EUROPARC Atlantic Isles
Year of creation: 1991
Number of members: 30
The core areas of work: Health, marine protected areas, volunteering programmes
Contact person: Annita Prosser, anita.prosser at europarc-ai.org
President: David O’Neill
About their work
There is a great deal of diversity in the management of protected landscapes in the UK, a trend that has deepened since devolution to Scotland and Wales and new governance arrangements in Northern Ireland. Nonetheless, some common issues can be identified.
The key issue for all protected landscapes in the UK is financial sustainability and securing enough resources to fulfil their statutory purposes. Budget cuts in recent years have had a significant impact. There were though some grounds for optimism after the 2015 autumn financial statement of the Chancellor of the Exchequer, which protected the existing budgets of National Parks and Areas of Outstanding Natural Beauty (AONBs) in England.
Since the 2008 financial crisis, protected areas have had to demonstrate their contribution to the rural economy. There has been an emphasis on promoting landscape as a valuable asset and encouraging cooperation between protected areas and local businesses, especially through tourism and outdoor recreation.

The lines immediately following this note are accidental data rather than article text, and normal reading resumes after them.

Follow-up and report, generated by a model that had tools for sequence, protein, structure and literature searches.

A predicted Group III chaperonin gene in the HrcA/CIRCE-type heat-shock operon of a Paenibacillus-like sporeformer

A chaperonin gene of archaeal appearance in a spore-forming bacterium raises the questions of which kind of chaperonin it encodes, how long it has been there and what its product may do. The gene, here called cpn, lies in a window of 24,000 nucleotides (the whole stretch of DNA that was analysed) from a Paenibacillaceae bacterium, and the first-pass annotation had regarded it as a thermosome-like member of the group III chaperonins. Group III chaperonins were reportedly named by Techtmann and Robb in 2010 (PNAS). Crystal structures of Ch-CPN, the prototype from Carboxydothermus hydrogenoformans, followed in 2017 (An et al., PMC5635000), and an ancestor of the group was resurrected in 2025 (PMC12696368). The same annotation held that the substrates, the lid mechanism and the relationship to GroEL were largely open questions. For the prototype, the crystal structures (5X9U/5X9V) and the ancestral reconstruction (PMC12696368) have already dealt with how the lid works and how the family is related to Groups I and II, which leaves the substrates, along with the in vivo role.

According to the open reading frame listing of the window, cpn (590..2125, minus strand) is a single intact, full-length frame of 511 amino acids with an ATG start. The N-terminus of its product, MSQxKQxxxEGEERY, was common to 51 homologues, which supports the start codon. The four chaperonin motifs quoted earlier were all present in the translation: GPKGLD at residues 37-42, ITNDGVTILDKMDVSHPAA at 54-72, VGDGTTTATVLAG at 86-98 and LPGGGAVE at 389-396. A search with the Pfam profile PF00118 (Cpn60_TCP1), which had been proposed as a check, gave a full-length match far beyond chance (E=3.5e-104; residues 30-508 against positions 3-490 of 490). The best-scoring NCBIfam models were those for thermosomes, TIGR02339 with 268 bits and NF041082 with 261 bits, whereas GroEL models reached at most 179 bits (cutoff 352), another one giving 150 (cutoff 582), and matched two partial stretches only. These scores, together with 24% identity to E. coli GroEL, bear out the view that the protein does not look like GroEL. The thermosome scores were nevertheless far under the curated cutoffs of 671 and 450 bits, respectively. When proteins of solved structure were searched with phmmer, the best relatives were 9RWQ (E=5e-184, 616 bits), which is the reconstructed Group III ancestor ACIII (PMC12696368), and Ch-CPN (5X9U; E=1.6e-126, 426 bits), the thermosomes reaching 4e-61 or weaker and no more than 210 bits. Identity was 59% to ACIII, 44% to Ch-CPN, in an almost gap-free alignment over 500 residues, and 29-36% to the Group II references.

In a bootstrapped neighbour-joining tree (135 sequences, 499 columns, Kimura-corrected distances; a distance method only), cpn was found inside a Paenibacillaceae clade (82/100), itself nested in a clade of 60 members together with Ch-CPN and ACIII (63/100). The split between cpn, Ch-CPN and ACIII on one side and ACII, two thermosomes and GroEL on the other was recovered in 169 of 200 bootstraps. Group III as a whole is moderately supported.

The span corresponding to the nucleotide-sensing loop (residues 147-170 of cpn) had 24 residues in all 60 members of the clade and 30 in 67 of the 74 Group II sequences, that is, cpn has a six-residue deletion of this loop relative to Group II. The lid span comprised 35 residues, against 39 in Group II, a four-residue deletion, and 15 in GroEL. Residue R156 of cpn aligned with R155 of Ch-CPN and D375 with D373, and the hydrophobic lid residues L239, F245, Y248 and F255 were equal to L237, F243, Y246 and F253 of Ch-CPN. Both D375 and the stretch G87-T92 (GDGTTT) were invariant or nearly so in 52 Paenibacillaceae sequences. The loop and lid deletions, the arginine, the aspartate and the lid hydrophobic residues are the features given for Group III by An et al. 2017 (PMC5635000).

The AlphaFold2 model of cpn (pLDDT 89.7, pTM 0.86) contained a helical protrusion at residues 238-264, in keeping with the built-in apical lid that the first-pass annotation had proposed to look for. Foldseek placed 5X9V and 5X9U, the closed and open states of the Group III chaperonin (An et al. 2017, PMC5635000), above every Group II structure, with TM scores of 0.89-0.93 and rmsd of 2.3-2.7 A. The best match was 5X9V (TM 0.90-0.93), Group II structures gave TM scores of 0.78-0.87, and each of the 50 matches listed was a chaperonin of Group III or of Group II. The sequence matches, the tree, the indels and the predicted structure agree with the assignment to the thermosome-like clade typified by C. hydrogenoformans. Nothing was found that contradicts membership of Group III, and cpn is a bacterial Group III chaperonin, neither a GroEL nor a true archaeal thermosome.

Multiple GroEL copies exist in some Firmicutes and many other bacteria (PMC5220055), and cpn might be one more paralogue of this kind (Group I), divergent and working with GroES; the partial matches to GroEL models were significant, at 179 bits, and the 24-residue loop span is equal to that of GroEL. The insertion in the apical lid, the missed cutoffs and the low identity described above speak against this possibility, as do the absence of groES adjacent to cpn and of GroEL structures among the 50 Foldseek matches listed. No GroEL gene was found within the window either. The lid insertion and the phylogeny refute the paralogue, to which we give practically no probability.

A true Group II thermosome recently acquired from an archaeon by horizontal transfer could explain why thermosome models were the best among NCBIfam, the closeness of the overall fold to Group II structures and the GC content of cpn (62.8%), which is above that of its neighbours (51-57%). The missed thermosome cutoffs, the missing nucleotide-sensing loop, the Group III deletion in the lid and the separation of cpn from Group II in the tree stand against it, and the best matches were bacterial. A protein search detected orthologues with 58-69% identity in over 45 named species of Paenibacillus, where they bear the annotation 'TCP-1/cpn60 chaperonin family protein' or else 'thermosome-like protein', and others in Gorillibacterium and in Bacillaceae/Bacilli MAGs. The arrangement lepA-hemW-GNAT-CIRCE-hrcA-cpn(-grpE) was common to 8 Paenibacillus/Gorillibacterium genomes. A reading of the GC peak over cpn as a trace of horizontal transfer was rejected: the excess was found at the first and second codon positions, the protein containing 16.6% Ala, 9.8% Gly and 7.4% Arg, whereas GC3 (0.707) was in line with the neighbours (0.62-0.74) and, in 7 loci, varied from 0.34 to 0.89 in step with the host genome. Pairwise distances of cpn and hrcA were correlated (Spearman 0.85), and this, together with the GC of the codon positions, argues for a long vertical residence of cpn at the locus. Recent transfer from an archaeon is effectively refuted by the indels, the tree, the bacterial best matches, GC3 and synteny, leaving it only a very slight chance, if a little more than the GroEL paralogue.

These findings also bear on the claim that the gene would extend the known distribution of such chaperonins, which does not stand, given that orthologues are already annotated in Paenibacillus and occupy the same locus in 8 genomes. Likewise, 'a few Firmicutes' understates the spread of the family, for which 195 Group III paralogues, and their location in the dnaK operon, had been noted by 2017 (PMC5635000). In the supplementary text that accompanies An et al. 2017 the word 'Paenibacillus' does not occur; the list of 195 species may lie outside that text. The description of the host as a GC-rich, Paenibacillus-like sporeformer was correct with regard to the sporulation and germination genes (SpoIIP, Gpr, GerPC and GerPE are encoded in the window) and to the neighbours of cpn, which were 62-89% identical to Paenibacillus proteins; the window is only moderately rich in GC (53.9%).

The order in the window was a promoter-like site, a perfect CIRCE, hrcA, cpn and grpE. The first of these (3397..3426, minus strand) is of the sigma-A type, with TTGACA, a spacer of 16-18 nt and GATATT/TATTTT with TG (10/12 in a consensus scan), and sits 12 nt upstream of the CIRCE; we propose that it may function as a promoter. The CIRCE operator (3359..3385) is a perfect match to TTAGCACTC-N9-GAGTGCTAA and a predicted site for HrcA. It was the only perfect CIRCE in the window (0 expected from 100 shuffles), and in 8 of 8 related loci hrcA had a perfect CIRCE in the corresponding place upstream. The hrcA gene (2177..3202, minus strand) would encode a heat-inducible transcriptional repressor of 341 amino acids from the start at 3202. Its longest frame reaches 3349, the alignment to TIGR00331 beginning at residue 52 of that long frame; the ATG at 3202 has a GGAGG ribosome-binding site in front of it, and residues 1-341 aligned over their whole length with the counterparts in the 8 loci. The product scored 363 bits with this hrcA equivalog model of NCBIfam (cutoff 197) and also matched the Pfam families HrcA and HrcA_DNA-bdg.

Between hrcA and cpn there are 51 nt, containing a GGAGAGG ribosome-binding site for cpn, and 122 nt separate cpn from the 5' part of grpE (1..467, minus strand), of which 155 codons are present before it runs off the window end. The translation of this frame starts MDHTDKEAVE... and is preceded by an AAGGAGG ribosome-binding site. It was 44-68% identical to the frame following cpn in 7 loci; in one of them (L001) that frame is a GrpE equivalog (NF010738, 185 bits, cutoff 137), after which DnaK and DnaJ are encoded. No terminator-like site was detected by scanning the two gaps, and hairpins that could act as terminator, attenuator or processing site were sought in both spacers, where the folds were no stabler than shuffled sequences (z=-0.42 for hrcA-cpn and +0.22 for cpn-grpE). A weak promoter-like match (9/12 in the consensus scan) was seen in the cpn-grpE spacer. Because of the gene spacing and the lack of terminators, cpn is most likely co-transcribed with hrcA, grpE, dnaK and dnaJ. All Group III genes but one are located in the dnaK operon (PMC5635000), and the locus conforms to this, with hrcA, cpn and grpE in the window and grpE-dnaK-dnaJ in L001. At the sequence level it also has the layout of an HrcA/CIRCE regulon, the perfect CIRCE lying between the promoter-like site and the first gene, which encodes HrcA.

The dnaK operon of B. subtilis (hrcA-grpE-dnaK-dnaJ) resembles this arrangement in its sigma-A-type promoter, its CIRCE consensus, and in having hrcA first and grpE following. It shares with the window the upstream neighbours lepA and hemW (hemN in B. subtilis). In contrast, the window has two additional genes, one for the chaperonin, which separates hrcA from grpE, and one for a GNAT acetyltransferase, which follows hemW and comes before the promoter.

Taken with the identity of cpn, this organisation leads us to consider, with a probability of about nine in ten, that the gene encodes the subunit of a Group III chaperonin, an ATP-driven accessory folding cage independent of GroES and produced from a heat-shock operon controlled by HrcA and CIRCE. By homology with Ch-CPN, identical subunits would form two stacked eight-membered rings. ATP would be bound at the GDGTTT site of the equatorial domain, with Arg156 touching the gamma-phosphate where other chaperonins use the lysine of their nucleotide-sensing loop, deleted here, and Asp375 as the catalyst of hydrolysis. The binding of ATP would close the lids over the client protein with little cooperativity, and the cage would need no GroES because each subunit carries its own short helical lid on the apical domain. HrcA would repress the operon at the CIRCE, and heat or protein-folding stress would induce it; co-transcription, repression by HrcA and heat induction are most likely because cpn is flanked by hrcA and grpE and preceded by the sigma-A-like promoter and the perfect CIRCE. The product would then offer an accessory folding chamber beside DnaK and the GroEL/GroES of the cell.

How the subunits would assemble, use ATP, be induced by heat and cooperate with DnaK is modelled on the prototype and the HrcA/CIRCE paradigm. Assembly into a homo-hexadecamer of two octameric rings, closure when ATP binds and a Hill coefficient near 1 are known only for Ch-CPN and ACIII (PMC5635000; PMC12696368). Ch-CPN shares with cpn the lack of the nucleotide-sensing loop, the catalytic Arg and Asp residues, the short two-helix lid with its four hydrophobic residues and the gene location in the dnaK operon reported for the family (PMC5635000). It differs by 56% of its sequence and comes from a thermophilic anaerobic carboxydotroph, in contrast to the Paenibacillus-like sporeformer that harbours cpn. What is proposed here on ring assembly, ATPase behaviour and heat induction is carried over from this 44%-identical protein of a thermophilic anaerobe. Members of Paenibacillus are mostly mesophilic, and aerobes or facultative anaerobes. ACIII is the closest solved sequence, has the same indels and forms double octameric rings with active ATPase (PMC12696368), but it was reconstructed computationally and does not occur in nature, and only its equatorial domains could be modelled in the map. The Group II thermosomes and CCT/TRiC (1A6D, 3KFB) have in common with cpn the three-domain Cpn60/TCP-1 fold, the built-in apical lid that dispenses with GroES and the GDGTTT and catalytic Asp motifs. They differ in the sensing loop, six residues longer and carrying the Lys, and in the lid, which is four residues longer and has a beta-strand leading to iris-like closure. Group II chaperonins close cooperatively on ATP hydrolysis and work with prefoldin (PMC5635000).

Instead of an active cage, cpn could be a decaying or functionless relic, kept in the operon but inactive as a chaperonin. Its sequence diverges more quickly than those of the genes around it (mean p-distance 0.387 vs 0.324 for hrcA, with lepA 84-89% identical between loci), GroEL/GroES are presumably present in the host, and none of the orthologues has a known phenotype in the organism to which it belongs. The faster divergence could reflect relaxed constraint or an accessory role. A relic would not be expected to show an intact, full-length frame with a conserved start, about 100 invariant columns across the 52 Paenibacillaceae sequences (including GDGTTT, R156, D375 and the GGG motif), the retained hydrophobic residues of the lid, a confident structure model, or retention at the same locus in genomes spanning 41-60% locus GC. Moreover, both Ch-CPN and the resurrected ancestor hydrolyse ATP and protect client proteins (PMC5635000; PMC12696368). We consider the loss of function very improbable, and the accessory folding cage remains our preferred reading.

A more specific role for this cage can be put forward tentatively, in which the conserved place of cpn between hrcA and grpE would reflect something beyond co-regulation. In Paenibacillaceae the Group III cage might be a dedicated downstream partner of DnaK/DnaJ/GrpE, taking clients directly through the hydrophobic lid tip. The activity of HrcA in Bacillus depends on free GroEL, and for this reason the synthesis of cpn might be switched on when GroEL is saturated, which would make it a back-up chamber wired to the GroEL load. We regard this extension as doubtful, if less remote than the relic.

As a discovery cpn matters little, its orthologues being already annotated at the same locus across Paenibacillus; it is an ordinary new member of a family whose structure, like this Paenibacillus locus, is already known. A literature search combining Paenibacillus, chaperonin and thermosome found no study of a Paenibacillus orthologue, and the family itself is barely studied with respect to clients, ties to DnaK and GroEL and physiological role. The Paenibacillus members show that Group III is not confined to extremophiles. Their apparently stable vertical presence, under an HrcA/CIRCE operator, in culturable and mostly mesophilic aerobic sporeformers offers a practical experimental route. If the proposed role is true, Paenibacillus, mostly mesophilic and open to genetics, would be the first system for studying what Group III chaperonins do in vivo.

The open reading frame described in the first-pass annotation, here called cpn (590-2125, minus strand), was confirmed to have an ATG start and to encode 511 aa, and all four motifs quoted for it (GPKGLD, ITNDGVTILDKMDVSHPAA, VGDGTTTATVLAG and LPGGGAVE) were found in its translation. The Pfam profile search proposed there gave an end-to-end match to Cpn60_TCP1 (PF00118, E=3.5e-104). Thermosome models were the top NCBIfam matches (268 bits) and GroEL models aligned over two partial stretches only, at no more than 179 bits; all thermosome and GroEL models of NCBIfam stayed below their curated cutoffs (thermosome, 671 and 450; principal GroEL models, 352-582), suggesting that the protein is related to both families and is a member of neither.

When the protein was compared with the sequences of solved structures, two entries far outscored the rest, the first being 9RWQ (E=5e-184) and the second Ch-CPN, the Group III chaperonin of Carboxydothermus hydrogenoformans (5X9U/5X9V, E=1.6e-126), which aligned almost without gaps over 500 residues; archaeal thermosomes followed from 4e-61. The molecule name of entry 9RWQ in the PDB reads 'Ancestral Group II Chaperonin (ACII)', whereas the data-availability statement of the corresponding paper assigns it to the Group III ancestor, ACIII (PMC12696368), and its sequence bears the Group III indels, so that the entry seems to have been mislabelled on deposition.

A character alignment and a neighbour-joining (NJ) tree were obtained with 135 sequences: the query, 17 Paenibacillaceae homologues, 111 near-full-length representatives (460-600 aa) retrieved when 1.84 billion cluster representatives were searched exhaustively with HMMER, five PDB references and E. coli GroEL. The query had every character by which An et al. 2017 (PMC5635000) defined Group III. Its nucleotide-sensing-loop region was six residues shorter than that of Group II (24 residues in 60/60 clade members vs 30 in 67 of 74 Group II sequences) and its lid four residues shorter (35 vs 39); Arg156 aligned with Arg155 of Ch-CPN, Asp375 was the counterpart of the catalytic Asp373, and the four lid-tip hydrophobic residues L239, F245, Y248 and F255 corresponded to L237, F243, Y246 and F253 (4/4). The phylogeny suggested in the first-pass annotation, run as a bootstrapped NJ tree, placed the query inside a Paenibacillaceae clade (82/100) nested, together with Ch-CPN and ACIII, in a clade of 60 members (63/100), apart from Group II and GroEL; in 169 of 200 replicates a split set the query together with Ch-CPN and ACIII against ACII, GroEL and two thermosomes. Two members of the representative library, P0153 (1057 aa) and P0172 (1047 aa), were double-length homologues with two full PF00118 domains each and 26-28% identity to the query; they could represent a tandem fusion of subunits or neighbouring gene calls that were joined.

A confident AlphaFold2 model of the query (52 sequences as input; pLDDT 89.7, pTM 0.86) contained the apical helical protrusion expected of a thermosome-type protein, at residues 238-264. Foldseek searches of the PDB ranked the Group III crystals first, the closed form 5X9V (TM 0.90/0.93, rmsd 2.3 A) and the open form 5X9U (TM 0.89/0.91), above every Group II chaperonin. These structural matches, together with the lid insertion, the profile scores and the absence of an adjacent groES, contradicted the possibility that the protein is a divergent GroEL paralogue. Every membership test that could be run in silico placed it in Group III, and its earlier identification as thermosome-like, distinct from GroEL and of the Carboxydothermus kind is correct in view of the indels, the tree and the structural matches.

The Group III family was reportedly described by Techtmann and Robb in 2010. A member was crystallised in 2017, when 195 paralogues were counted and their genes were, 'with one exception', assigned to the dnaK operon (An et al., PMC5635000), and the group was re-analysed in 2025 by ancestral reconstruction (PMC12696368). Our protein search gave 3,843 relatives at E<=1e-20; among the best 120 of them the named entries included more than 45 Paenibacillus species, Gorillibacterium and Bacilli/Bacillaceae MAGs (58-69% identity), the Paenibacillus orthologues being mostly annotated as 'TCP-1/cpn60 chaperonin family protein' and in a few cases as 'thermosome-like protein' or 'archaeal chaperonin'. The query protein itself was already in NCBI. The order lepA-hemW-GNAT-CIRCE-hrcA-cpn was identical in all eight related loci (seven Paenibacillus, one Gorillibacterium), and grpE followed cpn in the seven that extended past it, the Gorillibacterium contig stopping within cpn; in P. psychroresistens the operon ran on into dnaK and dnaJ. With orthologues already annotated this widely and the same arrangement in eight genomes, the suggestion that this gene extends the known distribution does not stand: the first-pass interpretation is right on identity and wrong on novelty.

There is also a growing recognition of the value of the natural environment for positive health benefits. An increasing number of protected areas are working with the health sector on health projects. In times of competing priorities for government funds, this is an area that could expand significantly, particularly if effective ways of partnership across sectors can be established to build on the fact that the natural environment can reduce pressures on health services.
Other important issues include the development of volunteering programmes and the additional new challenge, related to the UK government’s growth agenda, of hydraulic fracturing (fracking) possibly being allowed in national parks and AONBs.
As a Section, EUROPARC Atlantic Isles is not immune from the financial challenges affecting the sector and its work programme has sought to reflect these changed circumstances. It has developed a Protected Area Learning Programme, which brings together different means of sharing information, experience and good practice in cost-effective ways. These have included E-News, webinars and thematic networks. Further funding is currently being sought to develop the programme’s training and learning methods.